Over the past couple of years, I have become obsessed with the dynamics of work teams, reading such seminal texts as Teaming, The Wisdom of Teams, The Five Dysfunctions of a Team, Team of Teams. It is from works such as these that we learn the importance of psychological safety, trust and accountability, and the distinct and evolving role of leaders.
And while each advocates for small, cross-functional teams as the heart of how work gets done, I’ve yet to find someone address what I consider to be among the biggest barriers to collaboration within these teams—the distinct cultural values of each function.
The function/discipline I can speak most for is design (including UX research and content design). I have conducted numerous sessions with design teams to identify the values they hold most dear, and inevitably among them are compassionate concerns such as: (all are drawn from actual team charters I facilitated):
- Empathy (more on that in a moment)
Though I have not conducted similar exercises for other functional teams, having worked with product managers, engineers, marketers, sales people, etc., I do not believe these values would rank. I’m not saying other function are heartless—I’m just saying that design teams wear their hearts on their sleeves.
And the point I want to make is less about compassion specifically, and more generally that every function has its own culture, values, intellectual foundation, and norms, and those fundamental characteristics lead to distinct ideals and differing behaviors.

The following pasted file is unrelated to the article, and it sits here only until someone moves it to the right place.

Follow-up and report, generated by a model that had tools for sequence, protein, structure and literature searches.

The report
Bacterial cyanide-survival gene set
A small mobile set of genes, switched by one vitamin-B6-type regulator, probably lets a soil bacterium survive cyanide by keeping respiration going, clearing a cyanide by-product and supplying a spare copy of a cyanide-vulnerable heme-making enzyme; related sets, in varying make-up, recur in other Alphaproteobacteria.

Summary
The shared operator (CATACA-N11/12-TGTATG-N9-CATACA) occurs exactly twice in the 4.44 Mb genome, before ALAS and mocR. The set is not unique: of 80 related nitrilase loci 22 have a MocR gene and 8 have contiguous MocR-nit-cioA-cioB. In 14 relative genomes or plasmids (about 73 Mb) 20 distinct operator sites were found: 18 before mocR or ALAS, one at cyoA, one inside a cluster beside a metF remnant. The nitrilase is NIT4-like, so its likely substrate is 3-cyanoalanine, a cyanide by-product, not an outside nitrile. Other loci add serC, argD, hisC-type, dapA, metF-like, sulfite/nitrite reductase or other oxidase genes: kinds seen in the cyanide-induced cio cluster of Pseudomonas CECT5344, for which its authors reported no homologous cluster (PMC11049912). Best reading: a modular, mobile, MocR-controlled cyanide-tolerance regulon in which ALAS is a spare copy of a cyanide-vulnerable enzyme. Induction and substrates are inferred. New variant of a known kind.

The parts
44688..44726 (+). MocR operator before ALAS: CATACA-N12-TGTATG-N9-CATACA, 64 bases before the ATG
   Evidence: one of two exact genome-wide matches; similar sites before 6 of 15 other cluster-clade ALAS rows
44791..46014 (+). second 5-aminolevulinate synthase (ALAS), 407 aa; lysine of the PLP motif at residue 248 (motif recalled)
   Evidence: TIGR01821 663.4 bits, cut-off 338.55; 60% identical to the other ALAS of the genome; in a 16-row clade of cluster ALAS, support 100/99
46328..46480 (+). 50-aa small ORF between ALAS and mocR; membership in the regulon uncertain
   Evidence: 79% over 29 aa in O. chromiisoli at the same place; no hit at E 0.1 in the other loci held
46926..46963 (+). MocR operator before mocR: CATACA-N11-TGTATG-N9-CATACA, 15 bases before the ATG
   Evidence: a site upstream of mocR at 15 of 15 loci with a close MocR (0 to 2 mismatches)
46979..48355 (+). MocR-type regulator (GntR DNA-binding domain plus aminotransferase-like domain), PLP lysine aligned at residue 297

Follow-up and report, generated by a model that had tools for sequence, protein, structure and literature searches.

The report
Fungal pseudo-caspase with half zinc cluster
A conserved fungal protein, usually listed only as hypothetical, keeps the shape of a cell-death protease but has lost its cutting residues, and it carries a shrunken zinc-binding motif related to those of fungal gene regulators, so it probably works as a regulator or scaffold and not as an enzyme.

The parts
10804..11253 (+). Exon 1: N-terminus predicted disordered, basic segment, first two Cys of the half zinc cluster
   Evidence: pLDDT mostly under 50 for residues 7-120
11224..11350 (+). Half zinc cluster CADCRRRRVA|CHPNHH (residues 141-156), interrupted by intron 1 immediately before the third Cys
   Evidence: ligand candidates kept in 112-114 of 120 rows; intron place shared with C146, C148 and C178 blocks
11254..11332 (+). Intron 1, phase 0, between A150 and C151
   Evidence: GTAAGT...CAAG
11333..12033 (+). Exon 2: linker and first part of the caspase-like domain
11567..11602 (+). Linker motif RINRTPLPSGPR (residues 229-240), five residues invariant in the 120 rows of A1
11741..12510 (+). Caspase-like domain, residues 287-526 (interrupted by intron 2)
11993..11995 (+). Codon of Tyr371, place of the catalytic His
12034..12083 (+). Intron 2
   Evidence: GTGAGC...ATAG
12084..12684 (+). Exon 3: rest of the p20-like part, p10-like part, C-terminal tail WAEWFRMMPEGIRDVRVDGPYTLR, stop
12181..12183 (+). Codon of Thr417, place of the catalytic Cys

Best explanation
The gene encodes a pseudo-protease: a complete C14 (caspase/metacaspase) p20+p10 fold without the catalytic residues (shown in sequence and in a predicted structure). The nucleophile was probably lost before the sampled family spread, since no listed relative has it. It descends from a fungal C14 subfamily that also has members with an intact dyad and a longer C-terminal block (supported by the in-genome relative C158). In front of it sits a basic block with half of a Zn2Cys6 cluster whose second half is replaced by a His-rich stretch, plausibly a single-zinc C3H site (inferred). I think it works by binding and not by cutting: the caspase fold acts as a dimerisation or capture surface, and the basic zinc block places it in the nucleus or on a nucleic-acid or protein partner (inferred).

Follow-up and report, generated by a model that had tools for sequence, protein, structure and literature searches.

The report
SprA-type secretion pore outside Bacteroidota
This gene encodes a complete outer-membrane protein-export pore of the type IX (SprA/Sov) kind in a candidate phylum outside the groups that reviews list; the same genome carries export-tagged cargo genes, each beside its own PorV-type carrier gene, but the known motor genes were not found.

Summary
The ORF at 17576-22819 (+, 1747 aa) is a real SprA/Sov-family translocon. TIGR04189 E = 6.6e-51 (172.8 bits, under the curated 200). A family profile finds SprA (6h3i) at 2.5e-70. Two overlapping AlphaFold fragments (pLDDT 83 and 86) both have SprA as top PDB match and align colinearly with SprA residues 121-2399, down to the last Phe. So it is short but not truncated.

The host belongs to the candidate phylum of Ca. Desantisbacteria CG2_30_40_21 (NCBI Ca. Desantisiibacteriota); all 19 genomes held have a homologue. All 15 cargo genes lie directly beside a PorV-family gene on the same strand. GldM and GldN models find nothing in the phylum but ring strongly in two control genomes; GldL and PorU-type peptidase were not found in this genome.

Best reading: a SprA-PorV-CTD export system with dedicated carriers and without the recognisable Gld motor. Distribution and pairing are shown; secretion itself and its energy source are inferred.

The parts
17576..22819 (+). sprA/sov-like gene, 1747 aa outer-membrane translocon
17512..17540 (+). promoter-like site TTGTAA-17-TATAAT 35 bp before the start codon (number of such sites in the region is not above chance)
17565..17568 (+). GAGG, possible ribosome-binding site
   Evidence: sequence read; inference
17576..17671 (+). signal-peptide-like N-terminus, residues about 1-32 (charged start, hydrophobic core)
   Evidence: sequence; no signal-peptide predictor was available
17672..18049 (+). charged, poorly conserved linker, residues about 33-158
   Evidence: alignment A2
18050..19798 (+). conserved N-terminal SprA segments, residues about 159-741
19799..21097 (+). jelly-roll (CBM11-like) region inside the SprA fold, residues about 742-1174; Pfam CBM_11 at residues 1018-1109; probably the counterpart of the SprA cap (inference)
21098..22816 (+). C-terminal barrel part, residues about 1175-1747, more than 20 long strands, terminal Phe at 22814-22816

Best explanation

Related sidebar about empathy.
In literally every team charter exercise I facilitate, when we identify the values of the design team, “empathy” emerges as core.
Every time, I implore the team to reconsider, as “empathy” has become clichéd. And every time, the team, while acknowledging this, says that they need to keep the value, as no other function in their organization demonstrates the value, and so it is key to their identity in relationship to others.
Sidebar to the sidebar:
I think that’s kind of fucked.
And when we create cross-functional teams, we typically just throw people together from all these different backgrounds, and do nothing to help them find common ground. Given that, we should be surprised when teams perform well, instead of disappointed when they do not.
I’m realizing there are a number of different directions this line of thought could lead me:
- How designers are marginalized because the compassionate values core to their identity are marginalized within businesses
- Rituals for establishing teams that enable common ground that engenders trusting relationships
- The schizophrenia/cognitive dissonance we ask of folks to be a good ‘team player,’ which requires some degree of sacrifice and compromise that isn’t every acknowledged
In later posts, I may pursue some of these threads. At this point, I simply want to shine a light on the very real and impactful influence of distinct cultures within teams, and how those must be acknowledged and addressed if we want cross-functional teams to thrive.